Positioning Equity (Stock Options) to a Candidate

Equity grants are important in startup recruiting because they can be an attractive component of a job offer, particularly for candidates who are interested in the long-term success of the company. By owning shares in the company, employees have a vested interest in the success of the company and are more likely to work hard to help it succeed. Additionally, equity grants can be a way for startups to offer competitive compensation packages to talented candidates, even if they can't afford to pay high salaries.
For additional information on employee equity, see
Stock Options
Below is the recommended talk track for recruiters and hiring managers to discuss the equity component of a candidate’s offer package. Equity can be complex. Notes below are designed to simplify the conversation with candidates who may have never received stock options in prior roles. The goal of this conversation is to:
  • Explain what equity is;
  • Help the candidates to avoid analysis paralysis;
  • Focus the candidates’ attention on things they can control; the long-term value of the stock is something they cannot control

Explain stock equity

Stock equity in the company is given to new employees as part of compensation. A stock option is not a share of stock, it’s the right to purchase a set number of company shares at a fixed price. As a startup, the value is low, but as your company grows, the stock equity can be significantly higher.
As an employer, providing employee stock options has several benefits:
  • By owning shares in the company, employees have an interest in making it successful.
  • Employees have opportunities to make money.
  • Employees are invested in the company and care about its outcome.
Below is how to explain stock equity to new employees, what they can expect, what decisions they need to make, and when.

Stock equity and strike prices

Each new employee receives a certain number of company shares in their name. These shares are set at a specific value known as a strike price (set at the company’s fair market value), which is usually low at inception because the company is just getting started. These shares are available for employees to purchase once vested.

Four-year vesting and a one-year cliff

Our standard vesting period is “4 years, 1 year cliff”.
This means it takes four years (the vesting period) before an employee can purchase all of the shares allocated to them. To be eligible, the employee must work for at least a year (one-year cliff) before they can purchase 25% of their shares. Thereafter, the remainder 75% of the original grant vests in equal increments (1/48th) for each month of service. As long as the employee works for the company, the stock continues to vest. The value is determined by the success of the company.
For example, Annie is a new employee and your company sets aside 10,000 shares of stock equity in her name at a strike price of $0.10 per share. After Annie has worked a year, 2,500 shares (25%) are vested. For each succeeding month of service, another 208 shares are vested.

No employee action until an exit event or employee departure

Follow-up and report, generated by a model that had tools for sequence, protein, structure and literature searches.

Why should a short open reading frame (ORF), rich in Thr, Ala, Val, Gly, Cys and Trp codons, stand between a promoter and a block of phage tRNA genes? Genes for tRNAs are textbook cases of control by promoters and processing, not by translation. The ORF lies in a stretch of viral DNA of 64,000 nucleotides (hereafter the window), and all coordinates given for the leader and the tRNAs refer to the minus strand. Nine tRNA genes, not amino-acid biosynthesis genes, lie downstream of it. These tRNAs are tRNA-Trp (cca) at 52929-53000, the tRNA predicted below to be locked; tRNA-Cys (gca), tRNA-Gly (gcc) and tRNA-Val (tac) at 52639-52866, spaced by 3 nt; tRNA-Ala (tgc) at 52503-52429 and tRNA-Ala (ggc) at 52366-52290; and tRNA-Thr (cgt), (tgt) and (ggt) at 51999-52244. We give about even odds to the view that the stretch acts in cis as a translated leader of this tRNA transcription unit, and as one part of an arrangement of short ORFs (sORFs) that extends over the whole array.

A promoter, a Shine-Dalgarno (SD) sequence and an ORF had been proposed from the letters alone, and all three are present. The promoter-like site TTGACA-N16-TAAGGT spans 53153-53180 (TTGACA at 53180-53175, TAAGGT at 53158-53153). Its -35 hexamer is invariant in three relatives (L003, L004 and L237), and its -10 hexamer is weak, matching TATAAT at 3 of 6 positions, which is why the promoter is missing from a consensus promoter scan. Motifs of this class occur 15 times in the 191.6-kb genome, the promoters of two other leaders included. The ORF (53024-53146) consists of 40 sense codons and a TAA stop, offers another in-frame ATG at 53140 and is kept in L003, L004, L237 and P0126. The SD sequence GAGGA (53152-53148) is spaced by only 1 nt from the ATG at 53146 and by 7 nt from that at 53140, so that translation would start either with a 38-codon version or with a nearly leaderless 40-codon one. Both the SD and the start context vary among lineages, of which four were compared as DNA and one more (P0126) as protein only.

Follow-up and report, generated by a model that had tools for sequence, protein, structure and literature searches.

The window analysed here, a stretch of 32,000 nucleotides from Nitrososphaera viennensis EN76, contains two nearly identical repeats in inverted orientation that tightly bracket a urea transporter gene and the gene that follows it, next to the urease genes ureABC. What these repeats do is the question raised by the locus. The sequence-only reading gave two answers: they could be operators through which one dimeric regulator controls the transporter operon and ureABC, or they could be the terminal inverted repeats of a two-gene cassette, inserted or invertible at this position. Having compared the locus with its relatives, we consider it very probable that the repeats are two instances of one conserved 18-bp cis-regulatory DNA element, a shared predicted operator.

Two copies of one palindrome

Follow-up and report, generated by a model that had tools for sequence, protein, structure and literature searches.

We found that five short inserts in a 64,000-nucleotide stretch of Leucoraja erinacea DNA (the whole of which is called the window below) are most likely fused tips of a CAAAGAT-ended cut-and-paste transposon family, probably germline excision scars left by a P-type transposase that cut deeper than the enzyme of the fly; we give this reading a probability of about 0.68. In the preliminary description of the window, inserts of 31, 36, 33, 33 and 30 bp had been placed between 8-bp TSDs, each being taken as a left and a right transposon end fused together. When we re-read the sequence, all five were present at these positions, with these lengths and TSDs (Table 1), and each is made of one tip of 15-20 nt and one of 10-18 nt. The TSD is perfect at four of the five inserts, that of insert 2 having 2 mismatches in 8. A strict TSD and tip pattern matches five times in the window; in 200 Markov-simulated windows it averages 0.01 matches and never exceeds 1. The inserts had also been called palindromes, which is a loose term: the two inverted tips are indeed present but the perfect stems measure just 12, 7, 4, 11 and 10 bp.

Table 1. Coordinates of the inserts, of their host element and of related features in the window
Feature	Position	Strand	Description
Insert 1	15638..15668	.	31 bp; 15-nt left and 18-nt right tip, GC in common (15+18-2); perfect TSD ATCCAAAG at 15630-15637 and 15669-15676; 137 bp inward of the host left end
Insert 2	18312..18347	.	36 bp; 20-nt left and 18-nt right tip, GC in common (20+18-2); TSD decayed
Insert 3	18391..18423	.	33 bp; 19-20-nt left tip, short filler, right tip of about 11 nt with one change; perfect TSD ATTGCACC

Most of the times, there are no actions required on employee stock option grants and employees shouldn’t worry about their equity grants. Below are situations / trigger events where an employee may need to take action with their shares:
  1. The employee leaves the company The employee has three months from their last day of employment to decide whether they want to exercise (purchase) their stock.
  1. The company goes public The employee can sell their shares in the stock market:
      • First, they purchase their shares from the company at the strike price they received when they joined.
      • They sell their shares at the price the stock market determines is the current value. For example, if their strike price is $0.10 and the stock market price is $5.00, they earn $4.90 per share. NOTE: Employees should not sell their shares for a value below the initial strike price.
  1. The company is acquired by another company Anything can happen in this scenario. Employees have no input concerning when this occurs, the value of the resulting share price, or the effect on their existing shares. In some cases:
      • Employee stock options convert to the acquiring company's stock.
      • Employees are paid out based on their outstanding shares.

Forecasting the future

Employees may ask for help in determining what their stock will be worth in the future.
Significant equity in stock options can incentivize early stage employees - a 0.5% equity stake isn’t typically offered to employees at Google - but this doesn’t offset the risks of failure. Only a few companies achieve the most ambitious of their goals and IPO. Startup founders shouldn’t try to forecast the future in positioning equity to compete for talented people. The value of options at early stages is often $0.
Instead, founders should ask candidates to answer themselves: what do you think the odds are of hitting our long term goals?
If a candidate thinks there is a 10% chance of the company hitting a $1B IPO, the risk adjusted value of the options of an employee with a 0.5% equity stake over 4 years assuming a 2x dilution would be $62.5k per year.
Since guaranteeing the actual value is impossible without a crystal ball, suggest that employees concentrate on doing their job well and think of ways to make the company more successful. Stock equity is really cool (if it works out), but it’s the one thing that employees have absolutely no control over. Instead, here are some things you can suggest that they focus on what they can control:
  • Ask themselves what they are learning?
  • How are they contributing to the company?
  • As an employee, how will this present job position me for my next job?

Additional resources